Friday, June 21, 2013

Over One MILLION Gallons of Waste Water - Where's It All Going to Go?

In my last post, I explained how the Alki 11 rowhouse project on 55th Ave SW will add more than one million gallons of combined waste and stormwater to our local sewer system every year - 8 times the volume generated with the previous housing configuration. Where is all of that polluted water going to go?


Sewer manhole cover on Wickstrom Place SW

Our Alki Beach neighborhood has a combined sewer system, meaning that storm drains tie directly into the sanitary sewer. Buildings built in the past 10 years or so also have their downspouts and parking area drains tied into the sewer. 

The drainage and waste water map of 55th Ave and Wickstrom Place shows how this works. (55th Ave is the street shown on the left. Wickstrom is the dead end street on the right.) Water lines are shown as blue-black, sewer lines are red and stormwater drain lines, turquoise. The little black rectangles are storm drain catch basins. You can see that the older buildings do not have turquoise drain lines around them - they have natural drainage for stormwater runoff from roofs - downspouts empty into yards. This keeps a lot of stormwater out of the system, which reduces the likelihood of sewage overflows into the Sound, as I will explain later.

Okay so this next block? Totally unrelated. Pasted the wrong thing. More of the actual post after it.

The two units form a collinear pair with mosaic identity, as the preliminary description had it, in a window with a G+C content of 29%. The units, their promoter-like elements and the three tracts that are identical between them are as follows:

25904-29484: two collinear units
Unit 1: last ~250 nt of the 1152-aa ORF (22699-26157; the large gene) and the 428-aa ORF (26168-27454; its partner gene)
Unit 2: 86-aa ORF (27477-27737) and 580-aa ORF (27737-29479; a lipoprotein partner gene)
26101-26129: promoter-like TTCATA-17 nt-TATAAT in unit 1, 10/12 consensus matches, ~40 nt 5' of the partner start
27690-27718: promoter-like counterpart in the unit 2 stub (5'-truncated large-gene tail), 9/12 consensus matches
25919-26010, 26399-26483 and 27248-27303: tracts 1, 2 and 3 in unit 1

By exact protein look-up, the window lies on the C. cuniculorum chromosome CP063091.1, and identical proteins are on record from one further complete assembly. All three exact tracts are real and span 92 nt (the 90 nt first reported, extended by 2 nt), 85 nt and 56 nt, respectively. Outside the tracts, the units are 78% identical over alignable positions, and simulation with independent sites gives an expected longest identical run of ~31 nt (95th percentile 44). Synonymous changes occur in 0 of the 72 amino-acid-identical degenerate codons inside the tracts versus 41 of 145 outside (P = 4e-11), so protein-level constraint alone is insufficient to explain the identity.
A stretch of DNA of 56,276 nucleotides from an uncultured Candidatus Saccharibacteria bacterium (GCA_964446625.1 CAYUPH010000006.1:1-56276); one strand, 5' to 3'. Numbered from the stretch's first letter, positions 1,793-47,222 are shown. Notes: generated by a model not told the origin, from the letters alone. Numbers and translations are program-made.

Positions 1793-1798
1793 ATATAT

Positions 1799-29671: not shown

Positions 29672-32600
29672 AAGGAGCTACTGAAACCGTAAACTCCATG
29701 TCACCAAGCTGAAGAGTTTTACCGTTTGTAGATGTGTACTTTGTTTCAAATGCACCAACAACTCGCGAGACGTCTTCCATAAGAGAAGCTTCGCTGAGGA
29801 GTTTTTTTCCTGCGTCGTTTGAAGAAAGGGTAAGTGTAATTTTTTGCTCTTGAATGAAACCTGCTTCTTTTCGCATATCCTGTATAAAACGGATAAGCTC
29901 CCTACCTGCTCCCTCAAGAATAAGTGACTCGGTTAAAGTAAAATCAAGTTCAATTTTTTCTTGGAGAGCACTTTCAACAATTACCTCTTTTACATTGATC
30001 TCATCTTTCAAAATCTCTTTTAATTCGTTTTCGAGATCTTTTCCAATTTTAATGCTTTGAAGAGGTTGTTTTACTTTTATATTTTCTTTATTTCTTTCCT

According to documents filed by the developer with the city, all waste and stormwater from the Alki 11 rowhouse project will empty into the sewer line on Wickstrom Ave SW. From there, it will go to the 53rd Ave Pump Station, two blocks away. Waste and stormwater is pumped from this station to the West Point treatment plant

53rd Ave Pump Station on Alki Ave SW
Considering that stormwater runoff is now the number one source of pollution in  Puget Sound, you might think that sending it all off to a sewage treatment plant is a good idea. Unfortunately, it isn't that simple. When we have heavy rains, that extra volume of water overwhelms the system. To prevent flooding and sewage backups into homes, Combined Sewer Overflows (CSOs) release combined stormwater and raw sewage into the Sound. This 53rd Ave Pump Station is one of those CSOs. Here's a map of CSO locations in Seattle. Want to know if a CSO near you is discharging sewage? Here's real-time map showing CSO status.

The 53rd Ave Pump Station was recently upgraded to add two or three times the capacity it had before. But you have to wonder: how many projects like the Alki 11 rowhouses - which adds 8 times the volume and does nothing to absorb and mitigate stormwater onsite - can the system take on without serious environmental consequences?

Sign posted next to the 53rd Ave Pump Station

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